St Petersburg, Mariinsky Theatre

Le Rossignol

opera by Igor Stravinsky

Performed in Russian (the performance will have synchronised Russian and English supertitles)



Zaurbek Gugkaev

Nightingale: Aigul Khismatullina
Fisherman: Yevgeny Akimov

World premiere: 26 May 1914, Sergey Dyagilev’s Saisons Russes, Opéra de Paris
Premiere at the Mariinsky Theatre: 30 May 1918
Premiere of this production: 22 March 1995

Running time 45 minutes
The performance without an interval

Age category 6+


Music by Igor Stravinsky
Libretto by Igor Stravinsky and Stepan Mitussov, after the story The Emperor´s Nightingale by Hans Christian Andersen

Musical Director: Valery Gergiev
Stage Director: Alexander Petrov
Set Designer: Vladimir Firer
Lighting Designer: Vladimir Lukasevich
Lighting Adaptation for the Mariinsky II by Yegor Kartashov
Musical Preparation: Natalia Mordashova
Ballet Mistress: Irina Novik
Chorus Master: Nikita Gribanov


The action takes place in China in fairy-tale times.
Act I
The seashore just before dawn. In his boat, a fisherman is singing a song and listening to the trill of the Nightingale. The beautiful birdsong makes him forget his troubles. Courtiers approach the shore. They are burning with desire to hear the wondrous birdsong of which they have heard so much from the Cook. The Emperor himself, on learning of this beautiful bird hiding in his forest, has decreed it be found and brought to the palace. A cow moos and a frog croaks, and the courtiers take these to be the song of the Nightingale, but the Cook convinces them this is not so. The courtiers promise to make the Cook the Emperor’s personal chef if only they can find the bird. At last the Nightingale appears. He agrees readily to set off for the palace and sing for the Emperor.

Act II
The servants are decorating the palace with festive lanterns. The Cook tells everyone about the Nightingale: he is small and plain, but his song draws tears to the eyes. A grand procession arrives, servants bearing the Celestial Ruler under a canopy. The Nightingale sings and his beautiful trills enthral the Emperor. He wishes to award his singer with a golden slipper, but the Nightingale refuses: the best reward for him is to see tears of joy in the eyes of his listeners. Ambassadors arrive from Japan. They present the Emperor with their own nightingale – a mechanical one. It can repeat one and the same melody without ever getting tired. While all listen in delight to the mechanical bird, the living one flies away. Furious, the Emperor orders him to be banished from China, and the Japanese nightingale begins to sing “on the Emperor’s bedside table with his singer first on the left.”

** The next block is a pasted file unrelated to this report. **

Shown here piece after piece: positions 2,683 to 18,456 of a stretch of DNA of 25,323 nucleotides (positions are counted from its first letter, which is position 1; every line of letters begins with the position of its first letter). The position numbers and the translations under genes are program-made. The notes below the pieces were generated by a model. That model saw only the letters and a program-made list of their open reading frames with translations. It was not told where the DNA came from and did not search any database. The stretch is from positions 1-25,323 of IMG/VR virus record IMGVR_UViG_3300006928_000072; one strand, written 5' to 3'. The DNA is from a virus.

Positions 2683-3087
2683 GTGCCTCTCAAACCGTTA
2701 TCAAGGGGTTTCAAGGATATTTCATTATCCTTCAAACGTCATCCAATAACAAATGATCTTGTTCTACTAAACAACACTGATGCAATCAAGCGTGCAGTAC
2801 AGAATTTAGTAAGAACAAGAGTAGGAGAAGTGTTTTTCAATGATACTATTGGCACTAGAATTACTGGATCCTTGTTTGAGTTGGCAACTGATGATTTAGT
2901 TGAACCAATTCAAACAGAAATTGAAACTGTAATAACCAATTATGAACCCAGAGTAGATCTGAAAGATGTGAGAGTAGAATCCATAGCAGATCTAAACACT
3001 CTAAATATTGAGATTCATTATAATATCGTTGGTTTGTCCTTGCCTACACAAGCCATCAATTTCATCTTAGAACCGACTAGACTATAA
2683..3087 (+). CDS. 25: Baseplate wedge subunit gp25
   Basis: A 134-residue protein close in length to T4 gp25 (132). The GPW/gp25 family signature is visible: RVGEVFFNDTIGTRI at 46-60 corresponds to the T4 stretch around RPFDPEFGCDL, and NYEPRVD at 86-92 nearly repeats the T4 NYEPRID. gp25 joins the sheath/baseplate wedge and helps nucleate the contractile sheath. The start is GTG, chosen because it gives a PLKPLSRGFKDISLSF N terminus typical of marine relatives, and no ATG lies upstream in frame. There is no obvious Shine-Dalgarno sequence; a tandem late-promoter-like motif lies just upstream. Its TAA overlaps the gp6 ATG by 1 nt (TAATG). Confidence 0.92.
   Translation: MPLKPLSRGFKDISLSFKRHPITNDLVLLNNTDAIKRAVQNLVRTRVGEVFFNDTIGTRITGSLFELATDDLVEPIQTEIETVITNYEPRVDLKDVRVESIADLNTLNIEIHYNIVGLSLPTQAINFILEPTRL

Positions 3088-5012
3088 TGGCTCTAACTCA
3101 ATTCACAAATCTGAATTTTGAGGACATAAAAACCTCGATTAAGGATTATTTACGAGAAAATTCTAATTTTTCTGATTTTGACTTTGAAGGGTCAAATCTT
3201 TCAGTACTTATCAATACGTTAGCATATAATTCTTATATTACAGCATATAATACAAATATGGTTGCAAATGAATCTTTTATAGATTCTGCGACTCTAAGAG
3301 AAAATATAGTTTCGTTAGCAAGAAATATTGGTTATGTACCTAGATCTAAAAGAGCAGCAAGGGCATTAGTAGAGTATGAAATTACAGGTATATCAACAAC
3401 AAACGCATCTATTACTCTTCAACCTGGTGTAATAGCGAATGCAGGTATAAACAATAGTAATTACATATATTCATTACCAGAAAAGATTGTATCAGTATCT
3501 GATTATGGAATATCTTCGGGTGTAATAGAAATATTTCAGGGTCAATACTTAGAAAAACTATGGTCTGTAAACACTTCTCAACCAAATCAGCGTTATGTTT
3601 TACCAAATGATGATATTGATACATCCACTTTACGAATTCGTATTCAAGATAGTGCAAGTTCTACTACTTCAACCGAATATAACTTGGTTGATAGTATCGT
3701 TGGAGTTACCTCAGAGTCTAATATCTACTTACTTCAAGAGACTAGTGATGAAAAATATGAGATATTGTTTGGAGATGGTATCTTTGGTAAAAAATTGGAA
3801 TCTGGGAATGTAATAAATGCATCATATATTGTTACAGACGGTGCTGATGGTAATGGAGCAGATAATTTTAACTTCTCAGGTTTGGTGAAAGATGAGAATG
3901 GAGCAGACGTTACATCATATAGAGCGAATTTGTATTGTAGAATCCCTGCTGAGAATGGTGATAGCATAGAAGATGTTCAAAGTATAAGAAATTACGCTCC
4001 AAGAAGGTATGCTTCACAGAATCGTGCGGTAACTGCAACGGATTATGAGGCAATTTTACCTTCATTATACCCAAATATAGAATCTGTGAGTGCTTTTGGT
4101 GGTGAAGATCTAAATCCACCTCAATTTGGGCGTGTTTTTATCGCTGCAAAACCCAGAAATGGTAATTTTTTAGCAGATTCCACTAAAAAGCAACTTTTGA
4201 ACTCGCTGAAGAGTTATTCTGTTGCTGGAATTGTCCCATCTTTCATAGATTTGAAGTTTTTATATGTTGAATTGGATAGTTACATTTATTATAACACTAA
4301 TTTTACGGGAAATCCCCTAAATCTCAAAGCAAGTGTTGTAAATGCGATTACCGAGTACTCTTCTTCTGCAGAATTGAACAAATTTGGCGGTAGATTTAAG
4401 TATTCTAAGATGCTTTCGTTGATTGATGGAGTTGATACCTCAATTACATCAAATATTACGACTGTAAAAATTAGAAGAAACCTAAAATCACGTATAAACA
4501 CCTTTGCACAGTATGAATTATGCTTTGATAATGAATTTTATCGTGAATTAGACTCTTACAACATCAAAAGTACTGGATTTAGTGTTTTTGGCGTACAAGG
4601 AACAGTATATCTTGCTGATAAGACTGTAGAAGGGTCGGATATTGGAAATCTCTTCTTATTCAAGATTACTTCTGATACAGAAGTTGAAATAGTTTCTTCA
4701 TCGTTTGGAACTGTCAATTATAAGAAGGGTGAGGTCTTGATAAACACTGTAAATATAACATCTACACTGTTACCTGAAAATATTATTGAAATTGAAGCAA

It is night. The Emperor is seriously ill and Death appears in his chambers. It wears the Emperor’s crown on its head and in its hands holds his sabre and standard. The ghosts of deeds gone-by appear and insistently make themselves known. The Emperor wants to drown out their persistent voices and summons musicians, but suddenly the Nightingale flies in. Charmed by his singing, Death returns the crown, sabre and standard to the Emperor. It vanishes, and strength returns to the Emperor. The Celestial Ruler wishes to reward his saviour richly, but the Nightingale needs no repayment. He promises to come to the palace every night and sing for the Emperor. The courtiers, who have come to honour the memory of their late ruler, find him alive and well. In the distance, the fisherman can be heard singing.

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